Growing up in Halifax, Amy Jones didn't recognize the pastoral paradise of "Anne of Green Gables," or the fiddles and folklore of Maritime historical fiction. But when she read Christy Ann Conlin's "Heave," Jones says it was the first time she saw the gothic beauty and brutality of the Nova Scotia she lived in represented on the page.
The novel opened Jones' eyes to the prospect that readers would be interested in her experience of the East Coast as a place steeped in history but striving to be part of the modern world; where fortunes shift with the violent tides and the fog is thick with sinister possibilities.
Moreover, she realized the region could be rendered in a book by a young Nova Scotian woman.
"A lot of those gothic tropes were originally conceived in the brains of men, so they're always being filtered through that gaze," said Jones, author of"Every Little Piece of Me."
"It's really interesting to be able to flip those in some way."
In recent years, Atlantic literature has been dominated by a cohort of female writers who are challenging perceptions of the region and its traditional portrayals infiction, said Alexander MacLeod, an author and professor of English and Atlantic Canada Studies at Saint Mary's University in Halifax.
"All those people grew up reading one version of their landscape narrated from one point of view, and then they were very determined and motivated to see it in a different way," said MacLeod, listing Ann-Marie MacDonald and Lisa Moore among the leaders of the literary movement.
"I think it gives them all kinds of territory to explore and remake that world."
While gothic literature may conjure images of medieval castles and supernatural intrusions, MacLeod said the tradition has deep roots in Atlantic Canada.
Writers like his late father Alistair MacLeod, Ernest Buckler and Alden Nowlan have drawn from gothic motifs to evoke the preternatural forces, both man-made and environmental, that belie the coastal quietude on Canada's eastern edge.
Cape Breton-raised novelist Lynn Coady, who won the Scotiabank Giller Prize for 2013's "Hellgoing," said she was raised on such lyrical tales that pit mostly male protagonists against an unforgiving climate, cyclical poverty and cultural stagnation.
"That working-class aspect excited people, because they were coming out of an era when you thought of writing as this elevated art form that only gentrified people were able to perform," said Coady.
"We're in a similar situation where now the women are allowed to tell their stories, and that feels really exciting."
Since her 2002 debut "Heave," Conlin has been considered a master of the modern North Atlantic gothic — although "modern" seems to be a slippery notion within the genre.
"Change is really slow here, and so the modern world really butts up against a much older, more persistent world that's really captured by the geography and the landscape," said Conlin, who lives in Nova Scotia's Annapolis Valley.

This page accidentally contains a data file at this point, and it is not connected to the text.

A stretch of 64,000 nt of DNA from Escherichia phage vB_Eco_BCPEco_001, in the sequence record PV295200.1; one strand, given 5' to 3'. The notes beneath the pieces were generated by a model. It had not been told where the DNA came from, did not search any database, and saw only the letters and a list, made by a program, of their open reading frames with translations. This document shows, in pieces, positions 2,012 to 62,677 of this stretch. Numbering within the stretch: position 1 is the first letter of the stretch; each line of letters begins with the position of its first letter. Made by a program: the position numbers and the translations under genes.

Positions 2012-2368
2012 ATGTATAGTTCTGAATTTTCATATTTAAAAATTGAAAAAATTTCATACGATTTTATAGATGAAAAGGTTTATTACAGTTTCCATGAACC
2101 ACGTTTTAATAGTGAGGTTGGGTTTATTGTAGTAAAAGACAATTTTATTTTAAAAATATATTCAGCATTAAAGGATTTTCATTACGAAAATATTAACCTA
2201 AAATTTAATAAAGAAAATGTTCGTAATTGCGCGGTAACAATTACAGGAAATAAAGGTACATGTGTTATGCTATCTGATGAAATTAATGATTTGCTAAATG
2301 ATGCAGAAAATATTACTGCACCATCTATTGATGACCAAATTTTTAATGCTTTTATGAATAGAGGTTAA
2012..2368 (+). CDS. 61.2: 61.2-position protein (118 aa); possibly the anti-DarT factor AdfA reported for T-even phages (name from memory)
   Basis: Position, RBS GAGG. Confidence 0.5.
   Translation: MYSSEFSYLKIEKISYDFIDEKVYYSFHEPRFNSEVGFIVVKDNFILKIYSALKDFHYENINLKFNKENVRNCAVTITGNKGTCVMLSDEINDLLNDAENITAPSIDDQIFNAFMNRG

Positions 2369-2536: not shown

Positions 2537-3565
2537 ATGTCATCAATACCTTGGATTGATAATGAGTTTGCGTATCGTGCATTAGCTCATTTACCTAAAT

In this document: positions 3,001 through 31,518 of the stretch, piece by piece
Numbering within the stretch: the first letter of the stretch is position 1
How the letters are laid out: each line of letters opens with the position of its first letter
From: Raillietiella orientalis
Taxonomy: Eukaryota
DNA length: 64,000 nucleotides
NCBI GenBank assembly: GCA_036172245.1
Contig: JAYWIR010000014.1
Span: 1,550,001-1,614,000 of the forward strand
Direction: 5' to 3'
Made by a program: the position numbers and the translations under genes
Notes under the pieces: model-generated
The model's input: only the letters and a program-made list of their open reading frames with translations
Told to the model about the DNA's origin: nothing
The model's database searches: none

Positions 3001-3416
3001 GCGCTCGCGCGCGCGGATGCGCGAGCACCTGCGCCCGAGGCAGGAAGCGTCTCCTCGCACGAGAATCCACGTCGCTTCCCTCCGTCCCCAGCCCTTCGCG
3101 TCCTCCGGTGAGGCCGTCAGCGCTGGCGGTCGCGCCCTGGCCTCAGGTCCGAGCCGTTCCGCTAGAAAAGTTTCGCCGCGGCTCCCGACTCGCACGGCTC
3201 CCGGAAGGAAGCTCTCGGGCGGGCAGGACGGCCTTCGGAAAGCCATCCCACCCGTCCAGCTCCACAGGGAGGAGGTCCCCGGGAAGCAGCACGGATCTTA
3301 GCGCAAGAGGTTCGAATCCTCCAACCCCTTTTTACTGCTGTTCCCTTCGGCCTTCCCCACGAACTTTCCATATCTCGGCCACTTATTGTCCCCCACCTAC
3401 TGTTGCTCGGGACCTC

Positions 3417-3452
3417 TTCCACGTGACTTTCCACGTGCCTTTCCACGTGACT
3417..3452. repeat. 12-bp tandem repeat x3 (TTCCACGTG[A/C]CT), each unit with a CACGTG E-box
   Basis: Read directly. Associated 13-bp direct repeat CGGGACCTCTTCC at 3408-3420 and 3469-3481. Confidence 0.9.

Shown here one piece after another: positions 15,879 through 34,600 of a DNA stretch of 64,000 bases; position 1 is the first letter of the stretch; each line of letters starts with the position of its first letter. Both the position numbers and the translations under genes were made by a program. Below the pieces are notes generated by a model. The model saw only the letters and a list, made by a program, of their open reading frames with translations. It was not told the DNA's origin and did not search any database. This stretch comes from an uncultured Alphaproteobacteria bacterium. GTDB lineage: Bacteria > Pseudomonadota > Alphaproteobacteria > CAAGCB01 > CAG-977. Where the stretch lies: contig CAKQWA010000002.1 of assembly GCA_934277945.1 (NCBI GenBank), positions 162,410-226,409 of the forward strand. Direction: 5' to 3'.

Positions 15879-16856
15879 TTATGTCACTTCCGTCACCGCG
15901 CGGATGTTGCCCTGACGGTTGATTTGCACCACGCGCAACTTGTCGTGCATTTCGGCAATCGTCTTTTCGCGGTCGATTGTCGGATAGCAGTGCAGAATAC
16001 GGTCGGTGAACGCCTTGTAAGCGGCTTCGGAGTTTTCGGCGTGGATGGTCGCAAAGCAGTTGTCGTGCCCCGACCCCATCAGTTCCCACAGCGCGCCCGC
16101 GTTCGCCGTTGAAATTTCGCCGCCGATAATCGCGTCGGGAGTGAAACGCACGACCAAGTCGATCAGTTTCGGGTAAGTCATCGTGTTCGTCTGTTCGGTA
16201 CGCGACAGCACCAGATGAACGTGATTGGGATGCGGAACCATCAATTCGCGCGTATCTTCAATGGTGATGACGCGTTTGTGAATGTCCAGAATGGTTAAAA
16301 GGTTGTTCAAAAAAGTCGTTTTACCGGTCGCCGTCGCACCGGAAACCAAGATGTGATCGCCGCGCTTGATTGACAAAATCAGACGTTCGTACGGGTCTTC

In a sense, Atlantic Canada is haunted by the stories of its past that shape the present day.
There's the centuries-old Mi'kmaq tradition of storytelling, and settlers' accounts of colonial violence. There are the stories that were stowed away on ships by immigrants seeking a new life, and those carried off during the expulsion of the Acadians in the 18th century. There are stories of periodic disaster: the Halifax Explosion, the sinking of the Titanic and the crash of Swissair Flight 111.
Then there are the ongoing tragedies of economic and environmental ruin left in the wake of industrialization, the fables of lighthouses and lobster traps that are exported to tourists and the old-fashioned traditions that entrench a patriarchal power structure.
"There's this dark subculture and world of what it's like to try to live here and how often doors are closed, and how hard that life is," said Conlin, who grapples with these themes in her recent short-story collection "Watermark."
"I think women and anyone who is marginalized feel those especially.
"We're looking at how people overcome that ... And that's new. There's not a nobility in just suffering."
Newfoundland writer Megan Gail Coles makes this mission clear with a warning that prefaces "Small Game Hunting at the Local Coward Gun Club."
"This might hurt a little," she writes. "Be brave."
Coles populates her Giller-nominated debut novel with characters possessed by "ghosts" of their past selves and their ancestors.
These spectres manifest in the forms of sexual, physical and psychological violence, substance abuse, intergenerational trauma and the social isolation of island life.
As a woman of a working-class, mixed background from the rural community of Savage Cove on Newfoundland's Great Northern Peninsula, Coles said many of these horrors hit close to home.
"Classicism has been ever-present in my life, and racism has been present in my life and misogyny has been present in my life. These are the things that have actually informed who I am as a person," she said.
"I think perhaps we are more intimate with the darker sides of our cultures, because the burden lays at our feet."
Coles said these struggles reach far beyond the shores of Newfoundland, resonating with readers who feel marginalized or displaced by modern society.
Still, Coles said she has to work hard to overcome the bucolic fantasies about the East Coast that have such purchase outside the region.
"This is not an art form intended to entertain," she said. "In fact, this is my form of resistance."
This report by The Canadian Press was first published Dec. 12, 2019.